I have been working on getting a Kerlink IoT Station to work with GPRS/3G as its primary uplink path.
A client asked me to do this configuration because they did not have the resources to it themselves. No problem. I have been working with LoRa and Kerlinks for a while now doing a consultancy job for another client (a big telco). They did not want to connect the Kerlink to their local network for security reasons. They wanted to add their gateway to TheThingsNetwork.org (TTN), a global open crowdsourced Internet of Things data network that started in The Netherlands. Reading the forums, I noticed that many trying to do the same have run into issues. The documentation is sometimes incomplete and scattered so it takes a bit of effort to get it to work.
IoT lab at the home office
The task at hand:
Configure a Kerlink IoT station to use its GPRS/3G modem as its uplink path and connect it to TheThingsNetwork.org. The SIM provided was a PukData M2M SIM which uses the KPN mobile network in The Netherlands.
Normally, the Kerlink will use its ethernet (eth0) uplink as its default path. The basic idea here is that, if configured correctly, an autoconnect mechanism will trigger the GPRS bearer, establishes a PPP connection and set a default route and DNS.
I had already installed the TTN firmware with the polypacket forwarder on the Kerlink and got it to work using the ethernet uplink. I used a LoRaMote to check if packets actually showed up in the TTN api. For the next step, I basically followed the GPRS/3G guide on the TTN Wiki which boils down to:
- Set the GPRS options to match your SIM and telco’s APN settings (i.e. APN name, pincode, username and password).
- Configure auto connect in the knet monitor.
- Set the bearers priority.
- Because no username/password is set for this APN, and empty username/password fields trigger a bug, I also installed the patched GPRS init script.
I ran into a couple of things so these considerations may be useful:
- If your SIM comes with a pin code (usually 0000), set it with ‘GPRSPIN=<your pin here>’.
- If your APN username and password are to be left empty, replace the GPRS init script with the patched version as mentioned at the bottom of the guide.
- Carefully choose your ip_link address in /knet/knetd.xml depending on your requirements. This address is pinged periodically to determine if the GPRS auto connect needs to be activated. In my case I wanted one that is only reachable over the GPRS APN (e.g. for KPN use their DNS server: 126.96.36.199) to force it to bring up the ppp0 interface whenever possible. If you’re using GPRS as a backup path this should be different (I guess an address only reachable via eth0 but make sure the PPP session is terminated as soon as the primary path becomes available again). Use tcpdump (e.g. tcpdump -i ppp0 -n -v port 1700 or icmp) to check if it is pinging the correct address and if status updates are sent.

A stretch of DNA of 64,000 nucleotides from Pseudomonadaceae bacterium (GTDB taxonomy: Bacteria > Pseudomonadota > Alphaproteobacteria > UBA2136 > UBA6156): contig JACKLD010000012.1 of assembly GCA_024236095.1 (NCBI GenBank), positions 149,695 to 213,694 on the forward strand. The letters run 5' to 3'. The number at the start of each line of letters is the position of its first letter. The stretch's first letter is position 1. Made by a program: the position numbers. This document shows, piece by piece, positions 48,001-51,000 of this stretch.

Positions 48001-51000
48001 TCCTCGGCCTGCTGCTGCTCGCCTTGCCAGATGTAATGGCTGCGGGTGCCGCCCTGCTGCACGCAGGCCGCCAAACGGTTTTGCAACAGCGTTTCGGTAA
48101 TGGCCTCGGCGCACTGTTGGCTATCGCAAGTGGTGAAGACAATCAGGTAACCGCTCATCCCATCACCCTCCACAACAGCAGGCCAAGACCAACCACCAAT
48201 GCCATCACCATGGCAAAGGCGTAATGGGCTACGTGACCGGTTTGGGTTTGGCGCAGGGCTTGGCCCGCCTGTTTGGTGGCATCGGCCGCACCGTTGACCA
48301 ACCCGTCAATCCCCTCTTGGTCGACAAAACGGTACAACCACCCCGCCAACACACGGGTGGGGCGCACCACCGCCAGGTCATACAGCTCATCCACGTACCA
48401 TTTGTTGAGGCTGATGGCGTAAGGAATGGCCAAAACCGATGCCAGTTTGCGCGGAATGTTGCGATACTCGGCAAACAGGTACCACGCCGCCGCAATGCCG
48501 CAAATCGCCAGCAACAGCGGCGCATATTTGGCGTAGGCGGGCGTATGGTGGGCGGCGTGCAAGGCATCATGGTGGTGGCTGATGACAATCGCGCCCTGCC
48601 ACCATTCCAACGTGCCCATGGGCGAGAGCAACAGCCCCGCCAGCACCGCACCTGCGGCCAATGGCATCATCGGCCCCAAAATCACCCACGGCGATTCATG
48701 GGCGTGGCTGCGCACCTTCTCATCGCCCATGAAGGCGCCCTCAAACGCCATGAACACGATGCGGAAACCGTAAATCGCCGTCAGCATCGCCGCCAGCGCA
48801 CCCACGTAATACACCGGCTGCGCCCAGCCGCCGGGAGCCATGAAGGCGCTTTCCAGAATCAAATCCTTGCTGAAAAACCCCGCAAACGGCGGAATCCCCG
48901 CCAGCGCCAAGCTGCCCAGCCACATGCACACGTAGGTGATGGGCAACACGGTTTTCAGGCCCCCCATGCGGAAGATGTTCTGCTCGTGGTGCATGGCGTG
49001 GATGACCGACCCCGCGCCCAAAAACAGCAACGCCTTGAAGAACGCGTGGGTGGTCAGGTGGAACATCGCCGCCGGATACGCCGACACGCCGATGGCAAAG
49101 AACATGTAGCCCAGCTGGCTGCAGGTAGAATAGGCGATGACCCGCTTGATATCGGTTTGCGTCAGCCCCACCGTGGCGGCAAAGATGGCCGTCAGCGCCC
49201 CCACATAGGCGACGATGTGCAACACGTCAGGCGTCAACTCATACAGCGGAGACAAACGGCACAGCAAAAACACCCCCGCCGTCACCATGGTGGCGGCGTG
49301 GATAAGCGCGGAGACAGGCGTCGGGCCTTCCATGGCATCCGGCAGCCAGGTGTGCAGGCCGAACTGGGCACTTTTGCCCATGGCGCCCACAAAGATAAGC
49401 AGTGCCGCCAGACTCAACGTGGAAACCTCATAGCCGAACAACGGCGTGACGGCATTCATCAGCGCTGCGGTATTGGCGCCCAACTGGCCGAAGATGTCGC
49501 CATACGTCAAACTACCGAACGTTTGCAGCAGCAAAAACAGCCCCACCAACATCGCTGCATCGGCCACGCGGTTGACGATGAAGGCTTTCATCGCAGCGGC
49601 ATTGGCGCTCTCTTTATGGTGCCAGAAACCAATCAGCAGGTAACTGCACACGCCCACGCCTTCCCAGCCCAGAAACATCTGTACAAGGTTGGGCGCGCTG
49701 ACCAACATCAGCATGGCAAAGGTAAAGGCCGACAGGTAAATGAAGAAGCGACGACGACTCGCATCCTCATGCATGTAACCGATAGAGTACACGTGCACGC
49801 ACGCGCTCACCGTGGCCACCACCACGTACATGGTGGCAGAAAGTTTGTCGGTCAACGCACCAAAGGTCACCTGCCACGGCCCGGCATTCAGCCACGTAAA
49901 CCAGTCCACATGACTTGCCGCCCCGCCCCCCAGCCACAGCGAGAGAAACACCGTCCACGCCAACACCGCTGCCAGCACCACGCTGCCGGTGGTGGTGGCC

- I chose not to use peerdns (GPRSDNS=no) because the default DNS servers are not restored in case of a GPRS connection failure, thus breaking eth0 as a fallback path. I used the Google public DNS servers in stead as they work on both paths. This could also be fixed in /etc/ppp/ip-down.
- Remember that your default gateway will be set to the ppp0 interface whenever that interface comes up. You may want to be able to connect through eth0 for maintenance…
- The (poly) packet forwarder needs to be restarted whenever there is an interface change to make sure it binds to the right source address. If it isn’t you will see packets going out the ppp0 interface with the eth0 source address (or vice versa). I added ‘/usr/bin/killall poly_pkt_fwd’ to /etc/ppp/ip-up and /etc/ppp/ip-down.
- The firewall is not enabled by default. Make sure to edit /etc/init.d/firewall to your needs and turn it on in /etc/sysconfig/network (FIREWALL=yes). Don’t forget IPv6 although dropbear for instance does not listen on a v6 socket.
Tests to do to make sure it all works:
- Check if the gateway is still active (is sending status updates) and node messages are received in the TTN API after unplugging the ethernet uplink cable. If you’re using an ethernet power injector, make sure to unplug the cable going into the injector rather than the one going out to the Kerlink. Duh! 😉 Remember that you can’t log in to the gateway anymore, assuming access to the GPRS/3G address is blocked.
- Plug the ethernet cable back in and see if you can log in again. Then check if updates/messages are still being sent over the ppp0 interface using tcpdump.
- Power cycle the Kerlink while leaving the ethernet uplink cable unplugged. This will make sure the Kerlink will boot successfully in stand-alone mode, which was the whole purpose of this exercise.
# Selector operator APN GPRSAPN=internet.access.nl # Enter pin code if activated GPRSPIN=0000 # Update /etc/resolv.conf to get dns facilities GPRSDNS=no # PAP authentication GPRSUSER= GPRSPASSWORD= # Bearers priority order BEARERS_PRIORITY="ppp0,eth0,eth1"
<!-- ############## connection parameters ############## --> <!-- nb of second to retry to connect to server if connection failed--> <CONNECT retry_timeout="10" /> <!-- port nunmber for local application kms connection --> <CONNECT kms_port="35035" /> <CONNECT auto_connection="YES" /> <!-- frequency of connection monitoring -ping- (in seconds) --> <CONNECT link_timeout="30"/> <!-- DNS servers will be pinged if commented or deleted. Some operators can block the ping on there DNS servers --> <CONNECT ip_link="188.8.131.52"/>
Don’t hesitate to leave a comment below or send a message.Posted on: February 12, 2016